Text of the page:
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This sadly doesn't work:

long[] longs = new long[]{1L};
ArrayList<Long> longArray = new ArrayList<Long>(longs);

Is there a nicer way except adding them manually?

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5  
Related (closely) to stackoverflow.com/questions/754294/… –  Eran Medan Dec 30 '09 at 11:58

6 Answers 6

up vote 31 down vote accepted

Using ArrayUtils from apache commons-lang

long[] longs = new long[]{1L};
Long[] longObjects = ArrayUtils.toObject(longs);
List<Long> longList = java.util.Arrays.asList(longObjects);
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+1 Beat me, dammit, it took me way too long to scroll through the ArrayUtils javadoc :) –  skaffman Dec 30 '09 at 11:55
2  
:) I opened it in my eclipse (using a decompiler) –  Bozho Dec 30 '09 at 11:58
    
It's not of much importance, but I dislike copying the array twice. I ended up rolling a utility function to do this directly. –  ripper234 Dec 30 '09 at 12:51

Since others have suggested external libraries, here's the Google Guava libraries way:

long[] longs = {1L, 2L, 3L};
List<Long> longList = com.google.common.primitives.Longs.asList(longs);

Relevant javadoc for Longs.

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You can avoid the copy by implementing an AbstractList via a static factory. All changes to the list write through to the array and vice-versa.

Create this method somewhere.

public static List<Long> asList(final long[] l) {
    return new AbstractList<Long>() {
        public Long get(int i) {return l[i];}
        // throws NPE if val == null
        public Long set(int i, Long val) {
            Long oldVal = l[i];
            l[i] = val;
            return oldVal;
        }
        public int size() { return l.length;}
    };
}

Then just invoke this method to create the array. You will need to use the interface List and not the implementation ArrayList in your declaration.

long[] longs = new long[]{1L, 2L, 3L};
List<Long> longArray = asList(longs);

I picked up this technique from the language guide.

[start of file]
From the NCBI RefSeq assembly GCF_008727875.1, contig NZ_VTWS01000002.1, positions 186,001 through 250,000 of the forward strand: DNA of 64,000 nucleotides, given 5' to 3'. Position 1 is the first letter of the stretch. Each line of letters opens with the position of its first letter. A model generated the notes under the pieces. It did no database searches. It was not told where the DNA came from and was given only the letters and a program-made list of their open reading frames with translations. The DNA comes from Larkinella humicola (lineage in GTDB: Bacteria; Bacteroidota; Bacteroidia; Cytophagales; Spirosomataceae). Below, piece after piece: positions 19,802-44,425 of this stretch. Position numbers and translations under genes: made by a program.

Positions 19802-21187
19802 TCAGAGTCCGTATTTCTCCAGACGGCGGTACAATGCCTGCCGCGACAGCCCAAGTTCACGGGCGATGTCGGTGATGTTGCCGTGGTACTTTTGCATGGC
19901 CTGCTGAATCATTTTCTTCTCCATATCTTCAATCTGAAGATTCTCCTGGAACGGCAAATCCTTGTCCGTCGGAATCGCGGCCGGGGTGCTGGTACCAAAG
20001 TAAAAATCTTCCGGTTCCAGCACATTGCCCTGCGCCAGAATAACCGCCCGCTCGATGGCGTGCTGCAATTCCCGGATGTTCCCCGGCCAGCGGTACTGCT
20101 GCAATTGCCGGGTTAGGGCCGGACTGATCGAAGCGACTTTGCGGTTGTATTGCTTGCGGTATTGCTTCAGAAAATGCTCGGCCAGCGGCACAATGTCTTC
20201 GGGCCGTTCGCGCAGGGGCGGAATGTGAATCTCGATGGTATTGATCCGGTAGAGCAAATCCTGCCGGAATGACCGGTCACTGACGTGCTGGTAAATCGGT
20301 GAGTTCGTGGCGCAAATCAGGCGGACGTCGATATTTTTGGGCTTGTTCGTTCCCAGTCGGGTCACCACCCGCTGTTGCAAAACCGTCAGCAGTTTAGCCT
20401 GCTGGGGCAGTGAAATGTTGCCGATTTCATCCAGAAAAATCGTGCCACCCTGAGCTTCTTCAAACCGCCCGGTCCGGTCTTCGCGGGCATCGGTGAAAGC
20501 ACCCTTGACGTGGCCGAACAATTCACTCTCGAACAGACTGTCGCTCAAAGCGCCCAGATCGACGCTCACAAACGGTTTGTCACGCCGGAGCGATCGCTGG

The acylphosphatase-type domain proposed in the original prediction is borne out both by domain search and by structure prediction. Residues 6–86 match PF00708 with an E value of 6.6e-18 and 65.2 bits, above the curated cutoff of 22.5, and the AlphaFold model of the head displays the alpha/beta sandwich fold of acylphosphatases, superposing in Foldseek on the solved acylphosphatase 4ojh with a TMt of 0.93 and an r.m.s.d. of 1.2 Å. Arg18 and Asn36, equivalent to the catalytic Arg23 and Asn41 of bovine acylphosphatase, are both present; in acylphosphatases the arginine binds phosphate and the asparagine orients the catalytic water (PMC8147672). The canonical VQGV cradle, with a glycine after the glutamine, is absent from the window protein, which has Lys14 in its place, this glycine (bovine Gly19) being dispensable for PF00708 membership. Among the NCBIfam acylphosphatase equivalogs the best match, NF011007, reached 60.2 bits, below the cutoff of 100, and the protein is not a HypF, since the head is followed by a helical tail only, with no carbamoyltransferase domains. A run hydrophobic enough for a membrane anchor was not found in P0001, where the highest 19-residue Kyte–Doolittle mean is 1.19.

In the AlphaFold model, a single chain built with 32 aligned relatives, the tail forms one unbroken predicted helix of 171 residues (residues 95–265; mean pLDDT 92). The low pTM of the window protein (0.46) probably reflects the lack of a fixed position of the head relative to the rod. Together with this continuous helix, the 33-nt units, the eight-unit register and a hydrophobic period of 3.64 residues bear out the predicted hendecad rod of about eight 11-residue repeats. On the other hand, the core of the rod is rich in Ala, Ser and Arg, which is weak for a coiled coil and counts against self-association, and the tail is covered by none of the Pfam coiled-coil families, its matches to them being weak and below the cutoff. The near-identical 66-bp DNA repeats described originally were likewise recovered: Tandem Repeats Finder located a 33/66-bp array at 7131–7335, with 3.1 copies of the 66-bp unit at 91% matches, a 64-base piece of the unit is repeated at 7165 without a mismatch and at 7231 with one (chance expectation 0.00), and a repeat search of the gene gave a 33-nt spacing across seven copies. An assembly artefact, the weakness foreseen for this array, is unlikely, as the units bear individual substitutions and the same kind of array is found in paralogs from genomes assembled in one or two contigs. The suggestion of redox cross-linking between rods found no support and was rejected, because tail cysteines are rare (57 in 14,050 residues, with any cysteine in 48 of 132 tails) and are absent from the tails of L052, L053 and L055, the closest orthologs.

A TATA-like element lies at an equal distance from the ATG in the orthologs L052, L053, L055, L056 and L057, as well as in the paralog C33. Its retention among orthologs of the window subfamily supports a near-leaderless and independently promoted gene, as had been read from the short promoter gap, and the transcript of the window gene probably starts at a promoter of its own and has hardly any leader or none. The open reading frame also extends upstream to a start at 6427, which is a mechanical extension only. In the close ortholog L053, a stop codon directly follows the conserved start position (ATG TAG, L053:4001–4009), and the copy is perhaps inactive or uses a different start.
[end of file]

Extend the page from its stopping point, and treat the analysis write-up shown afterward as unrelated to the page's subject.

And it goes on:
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Note use of java.lang.Long, not long

final Long[] longs = new Long[]{1L};
final List<Long> longArray = Arrays.asList(longs);

Doesn't add any thirdparty dependencies.

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If you can change the problem, you can use Arrays.asList() directly and don't need that extra ArrayList construction. –  Billy Bob Bain Dec 30 '09 at 13:57
    
Surely we all want to change the problem to soemthing easier to solve? So I edited my post to refelect Wayne's cleaner solution. Must remember to read though own posts first. –  Paul McKenzie Dec 30 '09 at 14:15

Bozho's answer is good, but I dislike copying the array twice. I ended up rolling my own utility method for this:

public static ArrayList<Long> convertArray(long[] array) {
  ArrayList<Long> result = new ArrayList<Long>(array.length);
  for (long item : array)
    result.add(item);
  return result;
}
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1  
Note that in bozho's answer, the array is not copied twice, but only once : Arrays.asList doesn't return a copy, but returns a wrapper around the array (the wrapper implements the List interface). The first copy is needed because Arrays.asList doesn't work with primitive types, hence the first conversion from primitive (long) to object type (Long). See Wayne Young's answer for the direct wrapper solution (no copy at all). –  barjak Dec 30 '09 at 21:22

using Dollar you can do this conversion in only 1 line of code:

long[] longs = new long[]{1L};
List<Long> longList = $(longs).toList();

you can also box them easily:

Long[] arrayOfLongs = $(longs).toArray();
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